You might have gauged from all of this that this might have been more of an action-over-content type of chapter, and on most levels, it is. But there’s some neat character moments too that give us an insight into motives. The star of the show, Henry, has previously been something of an enigma since his introduction in chapter 99. But now we get a taste of his backstory and of how his relationship with the Black Bulls began. Tabata gives it enough real estate to make it worthwhile, but holds off on it so as not to overload us, and keep the intrigue running for the long-term readers. But we also get a bit of his motivation and how he really feels about his relationship with the rest of the team. We get that there’s a good rapport with him and the team even though he’s never been a huge player until now, as Tabata has characters like Gauche and Grey complement Henry’s powers to help him defeat the Midnight Sun. It’s your classic friendship trumps all manga theme, but it’s used sparingly enough here that it’s meaningful.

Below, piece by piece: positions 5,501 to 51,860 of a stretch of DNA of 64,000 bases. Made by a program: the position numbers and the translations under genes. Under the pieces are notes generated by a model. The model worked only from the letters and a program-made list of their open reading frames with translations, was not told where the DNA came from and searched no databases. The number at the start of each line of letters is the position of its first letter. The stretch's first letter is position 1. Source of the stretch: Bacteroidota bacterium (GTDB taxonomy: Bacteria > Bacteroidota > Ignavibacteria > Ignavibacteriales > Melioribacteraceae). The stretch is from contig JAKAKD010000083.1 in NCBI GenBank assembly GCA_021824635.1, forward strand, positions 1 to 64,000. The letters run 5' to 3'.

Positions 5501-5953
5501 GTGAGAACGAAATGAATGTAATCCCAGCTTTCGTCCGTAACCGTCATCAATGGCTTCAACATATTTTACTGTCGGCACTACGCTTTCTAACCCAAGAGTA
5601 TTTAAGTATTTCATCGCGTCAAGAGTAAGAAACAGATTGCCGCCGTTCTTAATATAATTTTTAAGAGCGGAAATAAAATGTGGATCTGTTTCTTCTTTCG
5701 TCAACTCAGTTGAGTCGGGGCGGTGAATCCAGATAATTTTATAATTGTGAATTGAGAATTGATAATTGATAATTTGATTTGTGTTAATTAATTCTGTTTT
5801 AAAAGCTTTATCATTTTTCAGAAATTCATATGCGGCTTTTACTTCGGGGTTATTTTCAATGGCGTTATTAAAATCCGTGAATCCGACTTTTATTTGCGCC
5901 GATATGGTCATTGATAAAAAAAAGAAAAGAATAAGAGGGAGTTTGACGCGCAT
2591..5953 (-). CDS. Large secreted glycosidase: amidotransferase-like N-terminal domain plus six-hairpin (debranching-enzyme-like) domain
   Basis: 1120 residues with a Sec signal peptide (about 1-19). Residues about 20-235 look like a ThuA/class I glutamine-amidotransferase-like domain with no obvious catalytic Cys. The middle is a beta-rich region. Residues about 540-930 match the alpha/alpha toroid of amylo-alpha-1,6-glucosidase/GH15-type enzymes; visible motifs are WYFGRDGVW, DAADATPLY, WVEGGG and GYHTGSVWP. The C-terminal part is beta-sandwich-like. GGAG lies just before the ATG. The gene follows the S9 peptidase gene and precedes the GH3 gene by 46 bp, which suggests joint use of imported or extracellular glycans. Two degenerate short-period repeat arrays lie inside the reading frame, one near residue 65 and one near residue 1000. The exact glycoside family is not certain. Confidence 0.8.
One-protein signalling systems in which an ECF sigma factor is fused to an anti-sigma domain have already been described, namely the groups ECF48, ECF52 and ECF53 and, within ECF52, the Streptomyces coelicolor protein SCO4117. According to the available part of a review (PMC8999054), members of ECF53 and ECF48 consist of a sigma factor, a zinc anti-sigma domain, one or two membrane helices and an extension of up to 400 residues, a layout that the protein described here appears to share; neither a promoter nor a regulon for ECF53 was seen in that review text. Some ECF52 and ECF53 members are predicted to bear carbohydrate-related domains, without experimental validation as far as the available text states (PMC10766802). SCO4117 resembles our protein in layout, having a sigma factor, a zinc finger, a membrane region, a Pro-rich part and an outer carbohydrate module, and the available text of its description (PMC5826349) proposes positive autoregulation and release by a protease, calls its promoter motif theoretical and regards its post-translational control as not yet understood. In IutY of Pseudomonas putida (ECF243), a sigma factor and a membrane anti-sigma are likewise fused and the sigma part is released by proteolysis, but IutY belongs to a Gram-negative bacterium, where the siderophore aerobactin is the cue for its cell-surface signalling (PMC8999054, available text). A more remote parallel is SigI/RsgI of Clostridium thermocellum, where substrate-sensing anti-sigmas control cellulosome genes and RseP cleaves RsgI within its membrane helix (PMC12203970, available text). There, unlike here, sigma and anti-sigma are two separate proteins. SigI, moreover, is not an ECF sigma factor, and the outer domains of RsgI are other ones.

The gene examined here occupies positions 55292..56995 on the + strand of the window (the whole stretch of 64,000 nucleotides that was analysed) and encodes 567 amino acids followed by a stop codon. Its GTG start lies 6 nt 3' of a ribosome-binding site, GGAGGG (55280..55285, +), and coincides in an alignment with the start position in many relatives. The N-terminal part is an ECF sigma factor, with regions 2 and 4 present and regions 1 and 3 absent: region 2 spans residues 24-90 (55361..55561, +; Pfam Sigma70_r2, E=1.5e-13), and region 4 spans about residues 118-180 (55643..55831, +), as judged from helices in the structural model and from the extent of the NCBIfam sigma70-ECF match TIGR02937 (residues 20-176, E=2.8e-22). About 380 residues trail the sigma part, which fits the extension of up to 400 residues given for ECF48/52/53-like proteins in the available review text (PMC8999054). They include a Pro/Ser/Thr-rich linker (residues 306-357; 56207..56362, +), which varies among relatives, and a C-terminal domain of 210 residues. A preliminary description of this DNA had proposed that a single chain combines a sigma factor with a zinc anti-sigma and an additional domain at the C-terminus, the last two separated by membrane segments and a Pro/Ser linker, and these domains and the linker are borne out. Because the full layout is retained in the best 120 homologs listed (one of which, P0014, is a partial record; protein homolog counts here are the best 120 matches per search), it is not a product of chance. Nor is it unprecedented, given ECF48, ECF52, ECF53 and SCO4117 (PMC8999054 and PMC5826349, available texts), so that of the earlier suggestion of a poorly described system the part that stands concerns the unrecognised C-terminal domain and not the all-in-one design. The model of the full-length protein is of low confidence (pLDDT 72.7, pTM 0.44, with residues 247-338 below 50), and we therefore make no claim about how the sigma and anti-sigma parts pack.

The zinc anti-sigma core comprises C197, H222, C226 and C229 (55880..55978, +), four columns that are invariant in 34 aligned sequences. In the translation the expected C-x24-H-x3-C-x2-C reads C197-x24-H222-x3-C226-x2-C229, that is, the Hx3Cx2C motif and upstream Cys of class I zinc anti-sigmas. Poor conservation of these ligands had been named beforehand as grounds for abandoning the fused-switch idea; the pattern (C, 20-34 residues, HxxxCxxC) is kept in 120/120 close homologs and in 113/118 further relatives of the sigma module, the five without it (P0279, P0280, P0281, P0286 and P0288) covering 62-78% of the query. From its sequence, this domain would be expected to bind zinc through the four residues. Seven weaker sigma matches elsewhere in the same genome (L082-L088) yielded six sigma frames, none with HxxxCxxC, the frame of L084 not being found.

In the past I’ve felt that sometimes the balance between Tabata’s flagship eastern fantasy art style and the typical overly comedic manga art style has been a little impaired. I’m a firm believer that the latter needs to be used sparingly and that humour can be conveyed just as well in a normal art style, and thankfully Tabata works great with this in mind in chapter 141. It’s in part thanks to the super-fun tone of the script that this works in a kind of deadpan way. From the first page, we see that Henry’s turned the Black Bull’s base into a giant pseudo-mecha, which on its own is super impressive artwork, but the way that it looms awkwardly on the page seems to consistently inspire a laugh whenever I flick past it. Regarding the overly-comedic style, it works here because it’s used strongly only once, when the Black Bulls literally verbalise how the audience is reacting to the scene with ‘WHAT IS THIS CRAZY MAGIC?!!’.